It's hard to imagine how trap shooter Natalie Rooney must feel right now.
The pinnacle of sport is the Olympics, and for 11 days she thought she was about to realise a dream.
A dream she only just missed achieving four years ago at Beijing.
Put yourself in her shoes.
You get a letter saying you're in the team. No doubt it will contain congratulatory words. Given the event starts in just three weeks, there may even have been mention of travel arrangements, uniforms and the like.
But you aren't able to say anything publicly. You wait for the announcement from the New Zealand Olympic Committee.
Internally you'd be hugely excited. And proud. And nervous. All at once.
You'd start to change your life to fit the new schedule. Cancelling commitments, making plans.
Training would take on a whole new focus.
And you wait ... and wait.
Then, a sniff of trouble. You become aware of an appeal by the shooter whose place you were scheduled to fill.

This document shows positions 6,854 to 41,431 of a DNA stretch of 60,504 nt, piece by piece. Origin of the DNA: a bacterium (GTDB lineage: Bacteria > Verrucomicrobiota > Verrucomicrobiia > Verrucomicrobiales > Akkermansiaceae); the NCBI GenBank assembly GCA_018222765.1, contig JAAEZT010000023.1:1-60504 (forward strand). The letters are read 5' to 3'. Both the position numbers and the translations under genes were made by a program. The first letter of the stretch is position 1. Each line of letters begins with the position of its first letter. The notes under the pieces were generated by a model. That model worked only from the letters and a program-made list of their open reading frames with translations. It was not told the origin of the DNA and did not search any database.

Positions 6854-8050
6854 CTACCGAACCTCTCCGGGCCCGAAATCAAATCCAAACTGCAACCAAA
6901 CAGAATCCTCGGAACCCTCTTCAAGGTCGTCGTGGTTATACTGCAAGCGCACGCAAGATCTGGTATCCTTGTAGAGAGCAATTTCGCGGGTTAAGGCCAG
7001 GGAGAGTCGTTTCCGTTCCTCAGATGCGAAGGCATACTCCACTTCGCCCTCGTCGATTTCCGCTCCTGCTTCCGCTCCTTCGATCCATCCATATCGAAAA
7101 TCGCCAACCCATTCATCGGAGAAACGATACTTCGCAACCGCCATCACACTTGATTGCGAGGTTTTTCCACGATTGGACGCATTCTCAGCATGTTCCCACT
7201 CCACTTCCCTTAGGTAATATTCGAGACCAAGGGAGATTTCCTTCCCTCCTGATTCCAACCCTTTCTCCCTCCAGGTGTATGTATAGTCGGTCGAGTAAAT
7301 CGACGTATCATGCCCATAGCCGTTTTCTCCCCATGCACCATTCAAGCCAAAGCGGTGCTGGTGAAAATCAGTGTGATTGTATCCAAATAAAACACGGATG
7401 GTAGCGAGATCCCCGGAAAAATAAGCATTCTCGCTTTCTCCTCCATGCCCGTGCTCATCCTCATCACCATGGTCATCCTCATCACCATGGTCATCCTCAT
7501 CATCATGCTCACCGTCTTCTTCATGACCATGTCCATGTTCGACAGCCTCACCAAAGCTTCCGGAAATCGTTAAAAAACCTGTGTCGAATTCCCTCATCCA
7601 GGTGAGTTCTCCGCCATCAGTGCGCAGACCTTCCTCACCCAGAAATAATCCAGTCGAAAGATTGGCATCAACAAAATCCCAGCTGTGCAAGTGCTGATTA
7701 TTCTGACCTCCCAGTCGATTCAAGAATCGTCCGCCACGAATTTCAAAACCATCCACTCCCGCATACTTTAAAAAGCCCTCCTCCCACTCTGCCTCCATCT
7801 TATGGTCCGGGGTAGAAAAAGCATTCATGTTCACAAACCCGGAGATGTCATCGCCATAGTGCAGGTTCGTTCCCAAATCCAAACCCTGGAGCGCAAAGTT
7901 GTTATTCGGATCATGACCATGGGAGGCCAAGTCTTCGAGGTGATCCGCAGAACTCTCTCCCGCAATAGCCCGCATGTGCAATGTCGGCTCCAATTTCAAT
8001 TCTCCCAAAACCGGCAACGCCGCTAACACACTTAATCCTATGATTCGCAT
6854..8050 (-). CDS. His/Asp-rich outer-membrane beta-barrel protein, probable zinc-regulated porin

You have nothing against this person, but you wonder how a decision not to allow him to go, a decision that would not have been taken lightly in the first place, could now be overturned.
By the submission of information that was available all the time, but apparently misinterpreted.
And, naturally, you feel gutted.
How could the Olympic committee raise your hopes like that, only to then strip them away? Did it have no inkling at all an appeal was possible? How could it even accept an appeal after posting out your letter?
You'd wonder about appealing yourself, wouldn't you?
But Natalie Rooney hasn't done that. Instead she's sent a letter voicing her disappointment over how she's been treated, while also wishing fellow shooter Ryan Taylor all the best. That's admirable.
And yes, at 24 there's still time to be selected for the Olympics.
But that's not the point. The point is, she already was selected.
She has the letter to prove it.
And that's the bit I don't get. What does she do with that letter now?
- © Fairfax NZ News